McCrae Hardy (Norman) Long before he became the renowned conductor of The North Carolina Theatre - 22 seasons and 90 productions, and Raleigh Medal of the Arts winner, thank you very much - Mr. Hardy essayed a youthful career as a thespian; countless Christmas pantos and school Chapel programs were graced by his excellent diction, remarkable memory, and clear soprano voice. A grainy photo commemorating an especially poignant rendition of “Oh Little Town of Bethlehem” whilst sporting his newest corduroy and flannel ensemble in the first grade Christmas pageant at Fall Creek Elementary was sadly lost when the family manse burned in in 1985. He attended the Governor’s School for the “gifted and/or talented” and later, UNC-Chapel Hill on full scholarship after turning down an appointment to the US Air Force Academy (to his mother’s chagrin; he hopes that she has forgiven him).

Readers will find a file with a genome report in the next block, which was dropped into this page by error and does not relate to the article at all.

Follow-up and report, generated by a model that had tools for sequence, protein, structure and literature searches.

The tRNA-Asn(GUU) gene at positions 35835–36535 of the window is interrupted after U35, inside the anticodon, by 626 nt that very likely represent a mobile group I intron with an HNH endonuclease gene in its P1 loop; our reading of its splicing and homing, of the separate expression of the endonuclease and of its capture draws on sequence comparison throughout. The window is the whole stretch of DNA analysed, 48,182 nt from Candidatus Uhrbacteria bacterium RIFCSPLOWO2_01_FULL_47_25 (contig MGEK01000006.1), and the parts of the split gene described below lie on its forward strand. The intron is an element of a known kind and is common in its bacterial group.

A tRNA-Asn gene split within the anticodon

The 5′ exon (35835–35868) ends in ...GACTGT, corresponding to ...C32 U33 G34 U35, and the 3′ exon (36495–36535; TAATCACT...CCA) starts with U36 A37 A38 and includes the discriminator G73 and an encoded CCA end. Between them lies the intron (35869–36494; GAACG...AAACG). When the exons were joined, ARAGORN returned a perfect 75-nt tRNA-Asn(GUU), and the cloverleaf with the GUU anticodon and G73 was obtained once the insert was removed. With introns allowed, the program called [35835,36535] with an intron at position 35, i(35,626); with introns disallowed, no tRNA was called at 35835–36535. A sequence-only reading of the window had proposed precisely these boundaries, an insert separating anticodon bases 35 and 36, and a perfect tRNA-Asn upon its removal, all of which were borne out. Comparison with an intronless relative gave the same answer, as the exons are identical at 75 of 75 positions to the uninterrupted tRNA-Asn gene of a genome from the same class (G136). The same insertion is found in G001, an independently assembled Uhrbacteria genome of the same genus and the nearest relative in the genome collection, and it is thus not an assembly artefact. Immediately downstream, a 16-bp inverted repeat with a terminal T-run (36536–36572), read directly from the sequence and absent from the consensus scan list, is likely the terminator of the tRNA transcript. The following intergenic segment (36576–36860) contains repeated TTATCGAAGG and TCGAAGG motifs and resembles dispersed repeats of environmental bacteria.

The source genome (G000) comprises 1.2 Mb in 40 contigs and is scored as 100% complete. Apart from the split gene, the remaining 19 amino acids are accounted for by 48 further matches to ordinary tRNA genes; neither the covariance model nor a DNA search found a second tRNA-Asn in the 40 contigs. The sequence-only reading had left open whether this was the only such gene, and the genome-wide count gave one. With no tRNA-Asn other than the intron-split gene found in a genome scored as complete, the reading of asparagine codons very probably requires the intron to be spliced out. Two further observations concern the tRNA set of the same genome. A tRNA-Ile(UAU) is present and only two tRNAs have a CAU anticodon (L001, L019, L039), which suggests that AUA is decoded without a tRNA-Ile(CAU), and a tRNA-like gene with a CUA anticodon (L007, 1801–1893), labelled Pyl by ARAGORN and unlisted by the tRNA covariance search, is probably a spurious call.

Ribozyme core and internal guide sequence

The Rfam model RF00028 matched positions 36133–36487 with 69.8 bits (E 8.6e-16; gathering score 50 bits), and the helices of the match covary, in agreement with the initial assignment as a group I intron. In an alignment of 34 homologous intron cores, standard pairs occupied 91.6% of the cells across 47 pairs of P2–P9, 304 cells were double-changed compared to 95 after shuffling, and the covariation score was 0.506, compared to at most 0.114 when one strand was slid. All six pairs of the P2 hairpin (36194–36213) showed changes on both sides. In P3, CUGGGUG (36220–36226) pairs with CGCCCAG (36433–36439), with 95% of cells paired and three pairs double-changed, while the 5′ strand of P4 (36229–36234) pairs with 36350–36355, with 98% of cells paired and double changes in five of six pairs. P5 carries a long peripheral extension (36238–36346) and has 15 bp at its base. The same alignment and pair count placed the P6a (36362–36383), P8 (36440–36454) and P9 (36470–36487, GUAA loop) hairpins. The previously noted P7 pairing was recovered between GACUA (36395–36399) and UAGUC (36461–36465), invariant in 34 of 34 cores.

After graduation, he, quite by accident, became involved with William and Martha Nell Hardy and “Unto These Hills” where he rejoiced for twenty-nine seasons as music director and composer/orchestrator. (His score, recorded with members of the NC Symphony is still in use there). Concurrently with that gig, he toured all over Nebraska and the Eastern United States with The Nebraska Theatre Caravan, had a long tenure with NCT as noted above, during which he first met and became fast friends with Ira David Wood III going on to do many productions with him, albeit usually in the orchestra pit. When Mr. Wood assumed the duties as director of “The Lost Colony” in 2013, he insisted that McCrae join him as music director. McCrae has been a guest conductor with the North Carolina Symphony on several occasions and has contributed numerous arrangements for various artists to perform with them, including Tift Merritt and The Red Clay Ramblers. He was also conductor of The Triangle Youth Symphony for eight seasons.
He is most proud of his three amazing children, Alex, Cristofer, and Amelie and his partner, Eric with whom he shares a house and menagerie of rescued felines, ferrets and one Bichon.
And though it seems too trite to say so, he actually IS thrilled to be returning to this side of the footlights after a long absence.
Thank you, “Sir.”